Susan Joslyn, a psychologist working at the University of Washington and researching how people make decisions in the real world, presented research findings about how the public responds to weather forecasts, what information the public needs to make better decisions from these forecasts, and what information gives the public more trust in forecasters. The information was not of direct help to backcountry skiers but had interesting implications about how the Northwest Weather and Avalanche Center could present weather and avalanche forecasts with different numerical expressions of uncertainty that could help skiers make better decisions.

Pascal Haegeli, an avalanche researcher with Simon Fraser University in British Columbia, discussed the statistical analysis of avalanche accidents that helped his team quantify the effectiveness of avalanche airbags. Statistically this is not an easy task, but by using the data from avalanches that captured skiers using airbags as well as skiers who were not using airbags, the research indicates that airbags are capable of cutting fatalities in half when skiers actually deploy the airbags (sometimes pilot error keeps those caught in slides from getting their bags deployed). Haegeli emphasized that airbags are not silver bullets. While deaths rates can be cut in half, some airbag users will still get buried and suffocate while others will die from the trauma inflicted by a slide. Incidentally, Haegeli’s data showed that, per 100 skiers caught in avalanches big enough to bury people, 22 people died if they did not use airbags while 13 died using airbags — of these 13 only 11 would have died if all them had actually deployed their airbags).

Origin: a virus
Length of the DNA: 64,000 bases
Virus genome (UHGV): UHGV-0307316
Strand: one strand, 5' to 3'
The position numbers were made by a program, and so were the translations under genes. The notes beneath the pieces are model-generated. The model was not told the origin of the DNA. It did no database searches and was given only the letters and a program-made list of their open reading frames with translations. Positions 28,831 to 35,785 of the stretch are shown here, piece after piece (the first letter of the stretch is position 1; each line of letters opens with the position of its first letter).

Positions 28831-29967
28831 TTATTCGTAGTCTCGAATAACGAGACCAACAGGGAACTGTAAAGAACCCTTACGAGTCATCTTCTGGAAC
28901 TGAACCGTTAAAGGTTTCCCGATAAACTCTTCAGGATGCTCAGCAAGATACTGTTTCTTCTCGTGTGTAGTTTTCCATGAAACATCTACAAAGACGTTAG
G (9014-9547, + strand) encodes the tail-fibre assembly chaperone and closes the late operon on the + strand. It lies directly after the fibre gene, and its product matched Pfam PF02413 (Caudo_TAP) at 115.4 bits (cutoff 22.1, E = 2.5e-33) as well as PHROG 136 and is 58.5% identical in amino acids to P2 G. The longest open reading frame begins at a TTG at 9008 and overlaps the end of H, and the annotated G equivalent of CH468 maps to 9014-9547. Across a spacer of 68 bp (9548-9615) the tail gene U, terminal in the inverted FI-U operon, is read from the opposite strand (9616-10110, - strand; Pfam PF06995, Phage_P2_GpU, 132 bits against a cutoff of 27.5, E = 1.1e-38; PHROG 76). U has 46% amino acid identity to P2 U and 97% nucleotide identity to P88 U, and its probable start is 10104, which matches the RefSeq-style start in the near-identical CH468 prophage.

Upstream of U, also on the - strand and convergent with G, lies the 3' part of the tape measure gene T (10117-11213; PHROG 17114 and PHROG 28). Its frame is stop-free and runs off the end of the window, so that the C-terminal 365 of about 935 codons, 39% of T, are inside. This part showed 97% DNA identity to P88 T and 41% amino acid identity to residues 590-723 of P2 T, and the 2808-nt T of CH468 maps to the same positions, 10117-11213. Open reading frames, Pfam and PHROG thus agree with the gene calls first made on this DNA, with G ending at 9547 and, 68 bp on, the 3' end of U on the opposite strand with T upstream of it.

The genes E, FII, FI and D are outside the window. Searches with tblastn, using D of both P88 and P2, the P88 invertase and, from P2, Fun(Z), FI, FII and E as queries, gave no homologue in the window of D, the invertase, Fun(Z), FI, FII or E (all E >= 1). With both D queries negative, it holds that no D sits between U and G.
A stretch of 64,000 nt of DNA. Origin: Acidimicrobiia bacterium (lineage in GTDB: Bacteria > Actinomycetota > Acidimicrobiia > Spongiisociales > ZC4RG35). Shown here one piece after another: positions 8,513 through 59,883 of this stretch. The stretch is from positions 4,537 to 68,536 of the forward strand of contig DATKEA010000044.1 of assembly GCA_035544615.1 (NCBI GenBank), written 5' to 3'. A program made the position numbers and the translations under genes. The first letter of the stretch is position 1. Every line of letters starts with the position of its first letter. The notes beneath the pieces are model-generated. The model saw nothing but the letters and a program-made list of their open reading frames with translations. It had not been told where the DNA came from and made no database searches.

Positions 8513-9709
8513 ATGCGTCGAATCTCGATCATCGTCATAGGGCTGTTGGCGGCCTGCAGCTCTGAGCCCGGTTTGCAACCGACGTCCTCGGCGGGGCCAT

Martin Volken, a Swiss mountain guide who owns Pro Guiding Service and Pro Ski Service in North Bend, gave the presentation that several of us sitting together agreed was the most useful talk of the day. Volken said careful tour planning that incorporates the forecasted weather and avalanche conditions can reduce the likelihood of avalanche accidents by as much as 80 percent. Nonetheless, skiers need easy systems for on-the-go decision making.